I feel like I ask very little of my housing accommodations. I don’t need mahogany drawers, a luxury mattress, or marble countertops to make it work. But one thing I expect – and I really don’t think this is an unreasonable expectation – is a functioning vending machine somewhere in the building that I reside.
You see, the other inhabitants of Dogwood Residence Hall and I do not have access to a functioning vending machine. The one in the laundry room rejects all but the freshest and flattest bills, and when you finally find the goldilocks currency that depraved appliance will take, it swallows that up without dispensing the requisite snack. It works just well enough for you to think that the errors are an exception – but as a grizzled two-month veteran of Dogwood Residence Hall, I can confidently assert that they are the rule, not the exception. Personally, I have been swindled out of at least $4.50 and my friend Jake is out another $1.25. I’m am sure others in Dogwood have been similarly robbed of their hard-earned Washingtons. I’m baffled by the dichotomy between the machine not accepting money and being empty. I know for a fact that no one is reliably getting food out of this beast, yet I’ve never seen it with more than 4-5 snacks. The conclusion I gather from this is that the machine hasn’t worked for a while, and no one has fixed it.
This is what drove me to send an email to the Office of Residence Life & Housing on September 20. In the email, I described the situation(s) that led to the me taking such a dramatic response, asked for someone to come out and look at it, and extrapolated on why I feel that having a vending machine is necessary. A day later Residence Life & Housing responded, informing me that they would have “someone out soon to correct the issue.” Well, it’s been a month, and aside from a couple gross power bars, the vending machine is virtually empty. Is the technician commuting by ferry from Myanmar? I’m almost a little worried that this hypothetical Burmese vending technician will open the machine and find evidence from an archaic murder case.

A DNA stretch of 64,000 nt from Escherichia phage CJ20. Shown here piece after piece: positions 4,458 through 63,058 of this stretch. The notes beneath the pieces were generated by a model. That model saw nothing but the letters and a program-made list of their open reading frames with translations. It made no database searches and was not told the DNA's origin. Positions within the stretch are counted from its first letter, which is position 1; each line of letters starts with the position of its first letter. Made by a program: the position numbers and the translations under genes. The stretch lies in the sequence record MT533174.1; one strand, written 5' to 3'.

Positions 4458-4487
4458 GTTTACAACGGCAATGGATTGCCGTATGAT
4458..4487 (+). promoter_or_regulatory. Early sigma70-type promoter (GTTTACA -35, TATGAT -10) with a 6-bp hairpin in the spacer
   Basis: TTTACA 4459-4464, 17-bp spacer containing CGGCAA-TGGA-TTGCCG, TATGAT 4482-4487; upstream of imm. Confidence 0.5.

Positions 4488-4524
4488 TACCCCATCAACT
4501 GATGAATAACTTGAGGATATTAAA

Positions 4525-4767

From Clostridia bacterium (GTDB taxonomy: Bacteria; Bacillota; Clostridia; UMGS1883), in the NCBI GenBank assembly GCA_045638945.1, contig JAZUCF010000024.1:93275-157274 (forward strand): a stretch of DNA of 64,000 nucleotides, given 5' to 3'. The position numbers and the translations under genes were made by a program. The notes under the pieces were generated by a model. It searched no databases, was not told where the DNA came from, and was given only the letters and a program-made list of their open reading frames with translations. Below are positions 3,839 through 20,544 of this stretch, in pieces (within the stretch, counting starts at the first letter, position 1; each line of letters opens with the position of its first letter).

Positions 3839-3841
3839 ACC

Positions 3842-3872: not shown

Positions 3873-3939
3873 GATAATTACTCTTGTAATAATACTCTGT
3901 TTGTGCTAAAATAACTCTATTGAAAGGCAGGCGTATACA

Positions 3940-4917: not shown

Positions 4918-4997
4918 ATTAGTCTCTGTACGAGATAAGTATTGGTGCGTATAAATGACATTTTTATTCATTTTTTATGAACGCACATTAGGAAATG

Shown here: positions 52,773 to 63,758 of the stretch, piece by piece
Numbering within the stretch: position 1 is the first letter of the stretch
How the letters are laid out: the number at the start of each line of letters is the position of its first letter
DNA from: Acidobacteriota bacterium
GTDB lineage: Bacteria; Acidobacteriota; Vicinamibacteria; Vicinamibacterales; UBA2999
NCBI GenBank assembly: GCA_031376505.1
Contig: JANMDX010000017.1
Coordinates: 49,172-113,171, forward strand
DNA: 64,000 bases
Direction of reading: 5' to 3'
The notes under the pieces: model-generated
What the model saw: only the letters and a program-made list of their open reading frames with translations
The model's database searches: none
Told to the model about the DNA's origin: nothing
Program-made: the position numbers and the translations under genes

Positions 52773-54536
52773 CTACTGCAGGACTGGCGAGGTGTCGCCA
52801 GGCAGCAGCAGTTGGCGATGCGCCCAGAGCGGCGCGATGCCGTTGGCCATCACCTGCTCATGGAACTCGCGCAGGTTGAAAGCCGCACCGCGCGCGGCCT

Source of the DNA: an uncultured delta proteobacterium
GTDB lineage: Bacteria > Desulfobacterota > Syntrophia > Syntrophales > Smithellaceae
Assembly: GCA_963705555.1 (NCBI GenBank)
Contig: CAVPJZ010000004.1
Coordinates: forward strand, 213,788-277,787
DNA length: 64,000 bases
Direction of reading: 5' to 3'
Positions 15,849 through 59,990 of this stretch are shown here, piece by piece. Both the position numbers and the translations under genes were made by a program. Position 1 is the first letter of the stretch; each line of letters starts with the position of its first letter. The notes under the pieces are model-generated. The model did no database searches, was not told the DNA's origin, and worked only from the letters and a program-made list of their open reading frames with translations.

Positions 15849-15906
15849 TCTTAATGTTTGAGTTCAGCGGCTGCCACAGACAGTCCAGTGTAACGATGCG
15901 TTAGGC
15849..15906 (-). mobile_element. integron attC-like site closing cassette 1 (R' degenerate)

“These crises could be averted if Residence Life & Housing could send someone to fix and maintain the machine.”
Normally, a single malfunctioning vending machine wouldn’t be the end of the world. I know from experience that the machine in the basement of Johnson last year was spotty at best – I simply eschewed it and patroned those with more reliable internals such as those in South and Babcock. But in the Covid-19 world, I can’t swipe into any other dorm to get my vending fix. Furthermore, all dining locations on campus are operating with reduced hours or occupancy. I can’t tell you how many times I’ve had to wait in line outside Subway at 2am because more than 10 people were inside, when all I wanted was a Fig Newton. These crises could be averted if Residence Life & Housing could send someone to fix and maintain the machine. I don’t feel that I’m being unreasonable in that request. I am trying to give the school my money.
On the admittedly limited times that I find myself doing laundry, I feel my cold, calculating, rectangular metal enemy taunt me. As I stare deep into the abyss of my mortal enemy, its plexiglass shield simply reflects my beautiful face back, mocking me with a silent smugness. This column is an impassioned cry for help to all of those who claim to make Wake Forest a better place. Student Government, Residence Life & Housing, Hospitality & Auxiliary Services: do something. If I have ignited an intense desire for justice in you, or you simply want to call me a whiny loser, please follow me on Twitter (@CharlieBenedic1). Those of us who have fallen prey to the conniving innards of that wretched excuse of a machine deserve justice. We will not quiver in trepidation any longer. Fix our vending machines.